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Women's Ashes: England's Kate Cross describes drama of drawn Test in Canberra

Women's Ashes: England's Kate Cross describes drama of drawn Test in Canberra

"There is a moment when we walk off I hit her head with my glove.

"She said 'I need to be honest with you Crossy. I had my eyes shut for that last ball - I was looking at the sky with my eyes shut'."

The one-off Ashes Test ended in the most dramatic of circumstances on Sunday with England looking set for a stunning win before a collapse in the final hour left them clinging on for a draw.

Last pair Kate Cross and Sophie Ecclestone batted out 13 deliveries at the end, ensuring England's Ashes hopes remained alive for one more game at least.

Speaking on her BBC podcast No Balls, Cross said Ecclestone - in a manner akin to Ben Stokes when batting with Jack Leach in the 2019 Headingley miracle - could not watch as she defended the final delivery.

"I would have been worse if I had to try to score runs," Cross added.

"In my head there was a little bit that could imagine me hitting the runs and having the winning moment with Soph."

Chasing a record 257, England were cruising requiring 45 from 60 deliveries but lost six wickets for just 26 runs.

The ninth wicket fell with 13 balls to go and England had to decide whether to try to score the remaining 13 runs or play defensively and try to survive for a draw.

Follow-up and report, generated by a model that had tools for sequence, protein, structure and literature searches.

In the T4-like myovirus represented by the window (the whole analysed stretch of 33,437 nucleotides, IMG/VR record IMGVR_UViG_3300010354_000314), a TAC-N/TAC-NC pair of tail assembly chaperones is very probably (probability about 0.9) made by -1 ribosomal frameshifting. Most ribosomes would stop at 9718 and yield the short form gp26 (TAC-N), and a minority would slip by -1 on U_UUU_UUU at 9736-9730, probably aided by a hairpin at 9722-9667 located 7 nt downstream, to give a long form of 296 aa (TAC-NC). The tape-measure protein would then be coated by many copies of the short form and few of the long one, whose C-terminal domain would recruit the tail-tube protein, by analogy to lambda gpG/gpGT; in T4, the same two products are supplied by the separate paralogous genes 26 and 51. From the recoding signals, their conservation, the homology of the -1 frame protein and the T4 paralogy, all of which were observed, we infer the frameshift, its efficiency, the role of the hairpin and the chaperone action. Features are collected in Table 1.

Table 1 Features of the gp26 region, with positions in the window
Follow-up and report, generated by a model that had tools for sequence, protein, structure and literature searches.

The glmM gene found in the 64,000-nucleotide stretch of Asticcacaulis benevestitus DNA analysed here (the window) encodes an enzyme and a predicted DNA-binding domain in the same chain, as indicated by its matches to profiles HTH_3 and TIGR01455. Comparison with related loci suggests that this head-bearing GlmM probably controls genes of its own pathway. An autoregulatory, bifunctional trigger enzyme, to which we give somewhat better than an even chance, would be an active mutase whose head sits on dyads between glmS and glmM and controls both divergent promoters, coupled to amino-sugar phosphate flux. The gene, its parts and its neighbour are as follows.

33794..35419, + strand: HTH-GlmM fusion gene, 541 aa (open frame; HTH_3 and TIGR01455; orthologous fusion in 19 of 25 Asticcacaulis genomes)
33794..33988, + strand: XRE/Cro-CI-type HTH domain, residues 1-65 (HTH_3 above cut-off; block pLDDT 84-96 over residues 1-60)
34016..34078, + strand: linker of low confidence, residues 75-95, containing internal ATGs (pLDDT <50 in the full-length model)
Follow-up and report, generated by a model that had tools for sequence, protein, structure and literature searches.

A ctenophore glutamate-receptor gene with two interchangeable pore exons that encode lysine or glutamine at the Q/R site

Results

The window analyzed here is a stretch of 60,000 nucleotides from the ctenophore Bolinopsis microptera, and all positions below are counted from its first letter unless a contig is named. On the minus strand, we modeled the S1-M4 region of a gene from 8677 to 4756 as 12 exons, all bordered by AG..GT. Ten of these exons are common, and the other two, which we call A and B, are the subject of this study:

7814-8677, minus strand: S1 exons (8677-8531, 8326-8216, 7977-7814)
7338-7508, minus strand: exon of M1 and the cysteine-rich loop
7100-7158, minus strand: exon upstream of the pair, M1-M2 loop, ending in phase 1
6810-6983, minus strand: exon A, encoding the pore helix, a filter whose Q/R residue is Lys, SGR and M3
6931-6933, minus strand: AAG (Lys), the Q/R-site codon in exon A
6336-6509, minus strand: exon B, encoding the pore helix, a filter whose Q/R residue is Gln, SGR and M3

"I turned to Lisa [England coach Lisa Keightley] and said 'what am I doing?'," Cross recalled.

"She said 'save it, mate'. My clarity was there. I knew what I had to do."

Cross said she had "never seen Ecclestone's face like it" when she arrived in the middle and describes how the conversation with her batting partner went.

Cross: "Hiya mate, you alright?".

Ecclestone: "What's the message?"

Cross: "We have got to save it".

Ecclestone: "Save it?"

Cross: "Yes Soph. Save the Test match."

Ecclestone: "Save it?"

Cross: "Sophie we don't get out. We absolutely do not get out."

Cross faced 12 balls at the end as her side fell short of the target by 12 runs. Had they won, England would have taken a 6-4 lead in the Ashes series into the final three one-day internationals. Instead, they go into the matches trailing by that score.

A win would have also set a new record for a fourth-innings chase in women's Tests and given England their first success over Australia in the longest format since 2014.

"I came off the pitch and I was quite happy because I had done my job," said Cross.

"Then I saw all my team-mates' faces and it was almost like we lost. It was a complete mix of emotions.

"The dressing room afterwards was really, really quiet. There were a lot of tears.

"It was a game neither team deserved to lose, a draw didn't feel like the right result and both teams could have won.

"We got into a position we could win and in some way that is worse.

"We knew it would have been something special.

"The fact we didn't lose it was a decision that had to be made to keep us in the Ashes as well."

Australia now only need to win to win one of the three ODIs, with the first on Thursday (03:10 GMT).

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